By Josh Davis, Associate Editor
(June 7, 2018) A brigade of volunteers and police officers on foot, on horseback, in cars and buses, even some on motorcycles, made their way through Ocean City and Berlin on Monday during the annual Law Enforcement Torch Run Relay for Special Olympics Maryland.
The group of perhaps several hundred started at The Grand Hotel on 21st Street in Ocean City and also stopped along the Boardwalk, at the Ocean City Fire Department Station 5 in West Ocean City and Ocean City Elementary School, as well as in Berlin at Worcester Preparatory School, Buckingham Elementary School, downtown, and the Berlin Fire Company station on Main Street.
At Buckingham Elementary, participants were welcomed by what seemed to be the school’s the entire student and teacher population, as they lined up outside on a sunny spring day to watch the spectacle and to provide a warm welcome.
Leading up to the event, participants sold commemorative T-shirts to raise money for Special Olympics Maryland. Participation in the run itself was $15 per runner, or for the same price you could simply get the shirt and support the cause.
The local Torch Run is part of a larger statewide effort, split between eastern, western, central and southern Maryland, and each year ending in Towson.
Ocean City Police Sgt. Dennis G. Eade, who organized the local leg, said the event has raised more than $35 million for Special Olympics Maryland in a little over three decades.
“The sale of these T-shirts is what raises all the funds for us,” Eade said Monday during the stop at Buckingham. “When we actually do the Torch Run itself … and we get out and get to see everybody and run the roads, it’s about inclusion and awareness, and opening everybody’s eyes to what it is exactly Special Olympics offers our folks with intellectual disabilities.”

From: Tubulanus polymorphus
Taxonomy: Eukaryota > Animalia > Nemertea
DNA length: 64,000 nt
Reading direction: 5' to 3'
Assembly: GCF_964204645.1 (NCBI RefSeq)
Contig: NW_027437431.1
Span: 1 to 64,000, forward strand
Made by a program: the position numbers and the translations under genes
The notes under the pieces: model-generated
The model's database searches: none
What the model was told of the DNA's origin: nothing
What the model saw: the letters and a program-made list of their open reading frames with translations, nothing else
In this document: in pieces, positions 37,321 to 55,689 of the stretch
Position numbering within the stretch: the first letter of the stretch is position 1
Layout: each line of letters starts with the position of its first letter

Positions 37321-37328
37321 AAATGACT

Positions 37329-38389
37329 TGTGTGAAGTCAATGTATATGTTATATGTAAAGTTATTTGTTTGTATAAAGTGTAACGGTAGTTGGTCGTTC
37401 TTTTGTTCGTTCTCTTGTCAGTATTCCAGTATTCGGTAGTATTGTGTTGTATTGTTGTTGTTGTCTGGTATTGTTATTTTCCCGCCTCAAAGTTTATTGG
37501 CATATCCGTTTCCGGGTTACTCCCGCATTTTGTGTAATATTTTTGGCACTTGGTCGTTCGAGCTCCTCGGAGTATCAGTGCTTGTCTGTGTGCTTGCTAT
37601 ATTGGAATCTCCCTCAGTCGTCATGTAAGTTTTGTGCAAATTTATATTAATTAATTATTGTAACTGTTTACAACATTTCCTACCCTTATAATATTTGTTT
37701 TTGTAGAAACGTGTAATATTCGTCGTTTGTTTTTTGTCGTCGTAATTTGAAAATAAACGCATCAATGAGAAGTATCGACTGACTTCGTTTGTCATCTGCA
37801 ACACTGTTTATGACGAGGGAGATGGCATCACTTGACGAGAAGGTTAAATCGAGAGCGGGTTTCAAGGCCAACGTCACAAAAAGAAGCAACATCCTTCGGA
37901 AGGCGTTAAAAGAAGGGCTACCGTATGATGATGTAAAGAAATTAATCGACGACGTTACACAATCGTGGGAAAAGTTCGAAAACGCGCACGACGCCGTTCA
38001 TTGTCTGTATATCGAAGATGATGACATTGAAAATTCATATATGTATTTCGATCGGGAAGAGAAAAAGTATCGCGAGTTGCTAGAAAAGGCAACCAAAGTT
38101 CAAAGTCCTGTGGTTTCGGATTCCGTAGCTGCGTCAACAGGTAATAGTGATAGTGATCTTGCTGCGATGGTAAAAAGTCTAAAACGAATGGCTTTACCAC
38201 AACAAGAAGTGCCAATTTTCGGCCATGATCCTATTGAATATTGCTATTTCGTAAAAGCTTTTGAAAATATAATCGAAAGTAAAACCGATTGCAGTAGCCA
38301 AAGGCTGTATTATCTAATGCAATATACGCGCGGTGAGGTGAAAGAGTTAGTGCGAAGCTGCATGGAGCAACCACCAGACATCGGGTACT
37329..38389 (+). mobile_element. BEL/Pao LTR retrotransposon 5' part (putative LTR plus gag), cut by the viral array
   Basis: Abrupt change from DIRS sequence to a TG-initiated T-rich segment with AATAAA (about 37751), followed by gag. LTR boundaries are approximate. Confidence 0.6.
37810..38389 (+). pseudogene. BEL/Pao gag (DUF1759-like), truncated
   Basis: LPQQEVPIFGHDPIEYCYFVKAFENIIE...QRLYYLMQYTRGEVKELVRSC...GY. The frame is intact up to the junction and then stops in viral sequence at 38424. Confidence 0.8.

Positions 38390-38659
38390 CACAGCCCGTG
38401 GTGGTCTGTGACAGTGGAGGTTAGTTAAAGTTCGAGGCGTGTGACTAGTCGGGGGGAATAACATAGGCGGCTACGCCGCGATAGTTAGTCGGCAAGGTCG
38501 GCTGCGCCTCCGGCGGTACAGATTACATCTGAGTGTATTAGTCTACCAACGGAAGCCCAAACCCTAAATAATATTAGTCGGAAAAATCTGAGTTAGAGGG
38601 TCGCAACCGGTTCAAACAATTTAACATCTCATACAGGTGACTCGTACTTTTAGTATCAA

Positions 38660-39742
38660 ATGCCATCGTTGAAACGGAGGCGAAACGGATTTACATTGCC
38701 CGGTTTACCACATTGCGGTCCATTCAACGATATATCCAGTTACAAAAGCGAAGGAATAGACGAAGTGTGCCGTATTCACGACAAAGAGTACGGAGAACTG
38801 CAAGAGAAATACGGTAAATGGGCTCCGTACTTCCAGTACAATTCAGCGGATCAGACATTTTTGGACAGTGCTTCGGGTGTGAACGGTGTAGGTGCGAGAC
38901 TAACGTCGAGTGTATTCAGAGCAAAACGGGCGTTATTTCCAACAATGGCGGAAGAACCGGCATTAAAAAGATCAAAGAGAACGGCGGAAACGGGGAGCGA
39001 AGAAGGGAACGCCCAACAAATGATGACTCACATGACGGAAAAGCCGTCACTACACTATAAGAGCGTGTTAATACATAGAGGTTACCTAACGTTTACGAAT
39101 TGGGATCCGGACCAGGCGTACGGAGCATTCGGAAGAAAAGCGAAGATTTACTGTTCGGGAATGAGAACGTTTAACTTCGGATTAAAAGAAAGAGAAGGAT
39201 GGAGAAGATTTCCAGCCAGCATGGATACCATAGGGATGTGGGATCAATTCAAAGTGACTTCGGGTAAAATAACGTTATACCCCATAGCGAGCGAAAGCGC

Eade has been involved in the Torch Run for two decades. Way back in the day, he said, the event was essentially one long run from Ocean City to Salisbury.
“We realized along the way that we were passing a lot of cornfields and chicken fields,” he said. “We thought, if it’s about awareness, then we need to start getting into these communities and starting reaching out to schools and doing things like this, so that we can increase that awareness.”
Hence the redrawn route that now includes three schools, two fire departments, the Ocean City Boardwalk, and a busy downtown-shopping district.
“We were wasting a lot of our energy and time running for nobody between here and Salisbury. We now make little stops like this, which means the world to us,” he said. “This is what it’s all about, when you cut right down to it – the interaction and awareness.
“A lot of people today will be asking what all this is about, and that’s how we raise awareness for Special Olympics Maryland,” Eade continued. “And I just love doing it.”
For more information about Special Olympics Maryland, visit www.somd.org.